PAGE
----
“There were around 15/20 big French commercial fishing vessels off Calais at the time, but they didn’t respond. There seemed to be little by way of a rescue operation from the French.”

By contrast, vessels from HM Coastguard at Dover, along with the Border Force’s vessel BF Hurricane, responded to the emergency alert and arrived at the scene in around 45 minutes.

Mr Cocker said it was likely the migrant’s boat had been a “cheap and flimsy” one which simply gave way.

“It was absolutely flat, with probably about 30 migrant boats taking advantage of the best weather for days to cross.

“But the traffickers put them in cheap plastic inflatables. They’re not proper boats.

“They overload them and they split and deflate and the people end up in the water. They often don’t have life jackets. They don’t stand a chance.”

He added: “They often don’t even have proper motors. The traffickers are charging £3-5,000 each with 20 on board so they are really maximising their profits.”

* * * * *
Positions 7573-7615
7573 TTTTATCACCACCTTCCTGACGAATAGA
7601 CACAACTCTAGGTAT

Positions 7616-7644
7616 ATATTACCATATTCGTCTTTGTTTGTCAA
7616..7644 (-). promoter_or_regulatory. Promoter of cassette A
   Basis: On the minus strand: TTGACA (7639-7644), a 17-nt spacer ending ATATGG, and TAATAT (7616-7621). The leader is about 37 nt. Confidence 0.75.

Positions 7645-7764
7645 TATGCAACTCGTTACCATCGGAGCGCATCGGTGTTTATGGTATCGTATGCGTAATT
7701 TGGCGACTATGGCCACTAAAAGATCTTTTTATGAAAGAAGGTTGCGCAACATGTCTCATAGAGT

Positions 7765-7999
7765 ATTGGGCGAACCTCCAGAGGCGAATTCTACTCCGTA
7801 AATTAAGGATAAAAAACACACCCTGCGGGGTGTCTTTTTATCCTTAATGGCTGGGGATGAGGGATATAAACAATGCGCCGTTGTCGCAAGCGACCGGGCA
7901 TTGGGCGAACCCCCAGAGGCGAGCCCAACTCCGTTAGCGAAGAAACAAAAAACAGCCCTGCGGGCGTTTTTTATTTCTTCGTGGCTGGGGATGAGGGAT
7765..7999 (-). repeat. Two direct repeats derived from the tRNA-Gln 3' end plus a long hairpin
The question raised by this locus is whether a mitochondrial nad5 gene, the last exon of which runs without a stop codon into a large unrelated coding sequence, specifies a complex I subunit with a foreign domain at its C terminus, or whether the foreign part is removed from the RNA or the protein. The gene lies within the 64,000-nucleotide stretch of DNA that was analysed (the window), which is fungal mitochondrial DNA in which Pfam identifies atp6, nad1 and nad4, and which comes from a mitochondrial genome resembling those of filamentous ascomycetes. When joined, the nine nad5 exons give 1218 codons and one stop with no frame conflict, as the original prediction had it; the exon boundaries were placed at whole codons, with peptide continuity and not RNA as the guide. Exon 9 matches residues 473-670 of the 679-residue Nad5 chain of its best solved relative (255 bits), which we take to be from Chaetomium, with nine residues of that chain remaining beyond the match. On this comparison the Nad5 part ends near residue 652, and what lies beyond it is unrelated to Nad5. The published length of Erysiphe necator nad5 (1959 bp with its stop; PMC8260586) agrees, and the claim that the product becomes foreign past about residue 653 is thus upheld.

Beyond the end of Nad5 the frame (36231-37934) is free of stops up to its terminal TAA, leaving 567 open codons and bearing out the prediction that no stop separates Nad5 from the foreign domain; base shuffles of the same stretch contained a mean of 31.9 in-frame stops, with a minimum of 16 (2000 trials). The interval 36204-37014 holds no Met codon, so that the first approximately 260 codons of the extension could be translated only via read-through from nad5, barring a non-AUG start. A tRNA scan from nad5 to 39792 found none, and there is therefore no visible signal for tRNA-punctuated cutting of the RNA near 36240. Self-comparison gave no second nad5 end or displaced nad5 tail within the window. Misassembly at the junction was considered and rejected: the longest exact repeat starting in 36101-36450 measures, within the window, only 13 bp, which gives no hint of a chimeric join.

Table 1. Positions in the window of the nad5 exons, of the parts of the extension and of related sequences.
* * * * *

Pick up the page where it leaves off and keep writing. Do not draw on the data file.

Calais hospital launches emergency meeting to clear decks

According to various French media citing police sources, the death toll now stands at 27, reports France Correspondent Henry Samuel.

Calais hospital has launched an emergency "white plan" meaning it is clearing the decks to deal with the migrants.

French interior minister Gérald Darmanin is due in Calais by 7pm local time.


Record migrant numbers this year

More than 25,700 people have made the dangerous journey to the UK in small boats this year – three times the total for the whole of 2020


Migrants brought ashore safely earlier today


'For humanity's sake. Please'

Migrant charity Care4Calais tweeted: "We are devastated to hear that as many as 24 more people have died attempting to cross the English Channel to the UK. According to news reports from France, at 2pm this afternoon a fisherman raised the alarm after finding bodies floating in the sea off Calais.

"More than ever why we need a modern system of safe, legal routes enabling refugees to apply for asylum in the UK.